Federal Government Not Liable for Border Agent Who Assaulted, Terrorized Migrants, Appeals Court Says

The federal government cannot be held liable for the actions of a Border Patrol agent who abused, sexually assaulted and buried alive migrants who had unlawfully crossed into Texas from Mexico in 2014, a three-judge panel concluded Tuesday.

According to the decision from the Court of Appeals for the Fifth Circuit, Esteban Manzanares, a Border Patrol agent who took his own life as law enforcement officers raided his apartment after the assaults, was not acting within his official capacity when he attacked the three migrants—a mother, her 15-year-old daughter and a 14-year-old family friend. Manzanares, who was 32 at the time, had attempted to bury the daughter alive and brought the family's friend back to his apartment where he sexually assaulted her.

After first apprehending the trio of Honduran migrants sitting on the side of a dirt road that runs along the Rio Grande on March 12, 2014, Manzanares ordered them into his official vehicle and began to drive them around, eventually applying restraints.

After a brief stop at a Border Patrol station—the migrants were not let out of the vehicle—Manzanares proceeded to take them to additional locations, at one point taping their mouths and wrists. Eventually, he drove them to a gated compound which is where the abuse is said to have begun.

"He struck her, kicked her, and strangled and choked her, and twisted her neck," the original lawsuit recalls about his abuse of the mother. "At some point during the assault and battery, she became temporarily unconscious or significantly disoriented by Manzanares' strangling and choking her."

Border Patrol
This file photo shows a U.S. Border Patrol patch on a border agent's uniform in McAllen, Texas, on January 15, 2019. An appellate court ruled on Tuesday that the federal government was not legally liable for an agent's gruesome conduct that terrorized three migrants in 2014. SUZANNE CORDEIRO/AFP/Getty

The migrants filed a lawsuit in 2015 under the Federal Tort Claims Act (FTCA), a law that allows for the U.S. government to be held liable for certain claims of wrongdoing, but has many caveats. A pair of earlier decisions from a district court in McAllen, Texas, determined that Manzanares could not be held liable under the act. The ruling from the Court of Appeals for the Fifth Circuit essentially upheld those decisions.

"The decision is certainly consistent with what my understanding of the act is," Paul Figley, a professor of legal rhetoric at American University Washington School of Law, told Newsweek. "The United States is liable for the negligence or wrongful act of a federal employee only when he or she is acting within the scope of their employment."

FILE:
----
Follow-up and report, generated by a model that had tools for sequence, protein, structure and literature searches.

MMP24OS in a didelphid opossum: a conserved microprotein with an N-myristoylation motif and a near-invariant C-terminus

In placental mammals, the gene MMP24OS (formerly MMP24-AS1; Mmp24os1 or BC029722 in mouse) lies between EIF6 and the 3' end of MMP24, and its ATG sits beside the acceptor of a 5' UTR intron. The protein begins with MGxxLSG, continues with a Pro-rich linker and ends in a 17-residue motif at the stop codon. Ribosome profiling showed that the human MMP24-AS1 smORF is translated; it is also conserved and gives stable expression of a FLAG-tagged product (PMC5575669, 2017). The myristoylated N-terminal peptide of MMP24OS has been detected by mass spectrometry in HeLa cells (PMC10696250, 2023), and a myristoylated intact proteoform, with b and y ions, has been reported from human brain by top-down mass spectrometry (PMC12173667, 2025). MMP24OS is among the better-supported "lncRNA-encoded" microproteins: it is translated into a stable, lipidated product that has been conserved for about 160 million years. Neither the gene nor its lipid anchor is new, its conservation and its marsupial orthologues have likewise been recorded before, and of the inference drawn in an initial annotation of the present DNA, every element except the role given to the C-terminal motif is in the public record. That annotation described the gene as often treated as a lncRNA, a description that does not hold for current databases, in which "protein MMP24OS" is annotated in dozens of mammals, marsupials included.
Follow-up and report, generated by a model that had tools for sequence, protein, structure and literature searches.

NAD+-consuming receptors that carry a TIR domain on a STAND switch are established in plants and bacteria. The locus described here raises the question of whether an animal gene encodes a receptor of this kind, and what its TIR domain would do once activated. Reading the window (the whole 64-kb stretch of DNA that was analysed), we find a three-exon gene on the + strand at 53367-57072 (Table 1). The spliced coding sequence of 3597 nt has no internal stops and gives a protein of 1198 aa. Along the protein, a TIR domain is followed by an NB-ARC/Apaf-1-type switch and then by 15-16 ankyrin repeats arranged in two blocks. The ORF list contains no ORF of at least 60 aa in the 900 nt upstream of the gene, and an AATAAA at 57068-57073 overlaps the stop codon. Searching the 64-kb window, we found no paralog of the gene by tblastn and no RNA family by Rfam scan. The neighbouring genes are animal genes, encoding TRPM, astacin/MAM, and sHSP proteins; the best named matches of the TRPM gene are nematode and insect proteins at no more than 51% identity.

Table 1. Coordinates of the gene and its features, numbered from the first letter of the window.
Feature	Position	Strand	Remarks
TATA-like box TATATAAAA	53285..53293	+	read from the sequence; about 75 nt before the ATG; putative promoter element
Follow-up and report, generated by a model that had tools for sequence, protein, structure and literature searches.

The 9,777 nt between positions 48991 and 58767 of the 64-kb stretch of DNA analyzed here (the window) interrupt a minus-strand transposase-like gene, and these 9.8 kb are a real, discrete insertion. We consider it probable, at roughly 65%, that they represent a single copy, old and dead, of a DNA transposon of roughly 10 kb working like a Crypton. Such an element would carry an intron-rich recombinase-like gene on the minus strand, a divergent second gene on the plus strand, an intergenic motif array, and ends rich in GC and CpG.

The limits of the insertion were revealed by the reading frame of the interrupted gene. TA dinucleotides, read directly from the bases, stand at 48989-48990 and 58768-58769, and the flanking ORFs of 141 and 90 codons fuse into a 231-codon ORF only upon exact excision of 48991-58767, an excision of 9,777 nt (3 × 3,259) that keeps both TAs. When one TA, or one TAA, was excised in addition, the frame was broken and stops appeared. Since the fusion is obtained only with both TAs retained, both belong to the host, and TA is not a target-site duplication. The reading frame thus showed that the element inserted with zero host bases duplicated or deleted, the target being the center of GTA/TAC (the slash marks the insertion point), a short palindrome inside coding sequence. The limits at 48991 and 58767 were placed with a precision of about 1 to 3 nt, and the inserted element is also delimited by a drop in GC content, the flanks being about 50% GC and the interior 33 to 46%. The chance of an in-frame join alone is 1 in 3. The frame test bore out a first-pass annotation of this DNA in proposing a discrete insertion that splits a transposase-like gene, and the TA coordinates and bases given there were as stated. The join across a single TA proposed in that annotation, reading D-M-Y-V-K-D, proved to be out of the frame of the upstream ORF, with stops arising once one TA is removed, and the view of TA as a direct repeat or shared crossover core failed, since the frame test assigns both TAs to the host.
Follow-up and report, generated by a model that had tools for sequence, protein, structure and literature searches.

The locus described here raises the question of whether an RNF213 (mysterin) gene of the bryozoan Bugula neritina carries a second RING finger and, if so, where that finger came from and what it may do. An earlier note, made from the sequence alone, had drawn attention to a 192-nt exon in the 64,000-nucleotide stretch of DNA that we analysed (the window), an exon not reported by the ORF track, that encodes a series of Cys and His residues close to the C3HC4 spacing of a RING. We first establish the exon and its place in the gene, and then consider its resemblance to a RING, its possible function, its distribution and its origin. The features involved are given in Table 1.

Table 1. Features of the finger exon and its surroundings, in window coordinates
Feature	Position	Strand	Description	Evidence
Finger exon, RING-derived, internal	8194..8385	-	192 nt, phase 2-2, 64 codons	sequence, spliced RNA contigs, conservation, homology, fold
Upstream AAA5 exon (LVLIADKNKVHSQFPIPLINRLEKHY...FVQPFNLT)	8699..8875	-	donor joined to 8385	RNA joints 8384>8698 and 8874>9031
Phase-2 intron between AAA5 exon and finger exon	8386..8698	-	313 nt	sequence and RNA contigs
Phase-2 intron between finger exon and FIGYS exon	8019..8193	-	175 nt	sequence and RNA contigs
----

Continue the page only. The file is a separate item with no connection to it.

Figley said that while the conduct may be heinous, the FTCA was constructed so specifically to hold the federal government liable for claims arising from official misconduct or connected to official duties. Claims such as the ones asserted in the Manzanares case can fail because the plaintiffs, who were not named in the suit, were unable to show under Texas law that the abuse perpetrated was connected to the performance of Manzanares' employment.

These types of cases, however, often do succeed, but "they do so in states that read the scope of employment more broadly," Figley explained. In Texas, that is not the case.

The Texas Supreme Court has held that if an employee "deviates from the performance of his duties for his own purposes, the employer is not responsible for what occurs during that deviation."

The lawsuit also alleged that Manzanares' Border Patrol supervisors had a duty to oversee him in a way that would have prevented the tragedy. However, the appellate court agreed with the district court when it noted that hiring and supervisory decisions are discretionary functions, an exception to the FTCA.

"The federal government is held liable" for the actions of its employees, Figley said, "when there are mandatory rules about what should be done."

The appellate court noted that the plaintiffs had raised the prospect of unlawful or negligent acts occurring while Manzanares had briefly detained the three migrants at a duty station, which would undoubtedly be within his scope of employment, but that their suit failed to formally incorporate these observations into their claims. Because of this, the three-judge panel ruled, the plaintiffs, now lawfully residing in Virginia, "waived" those arguments "by failing to assert such claims before the district court."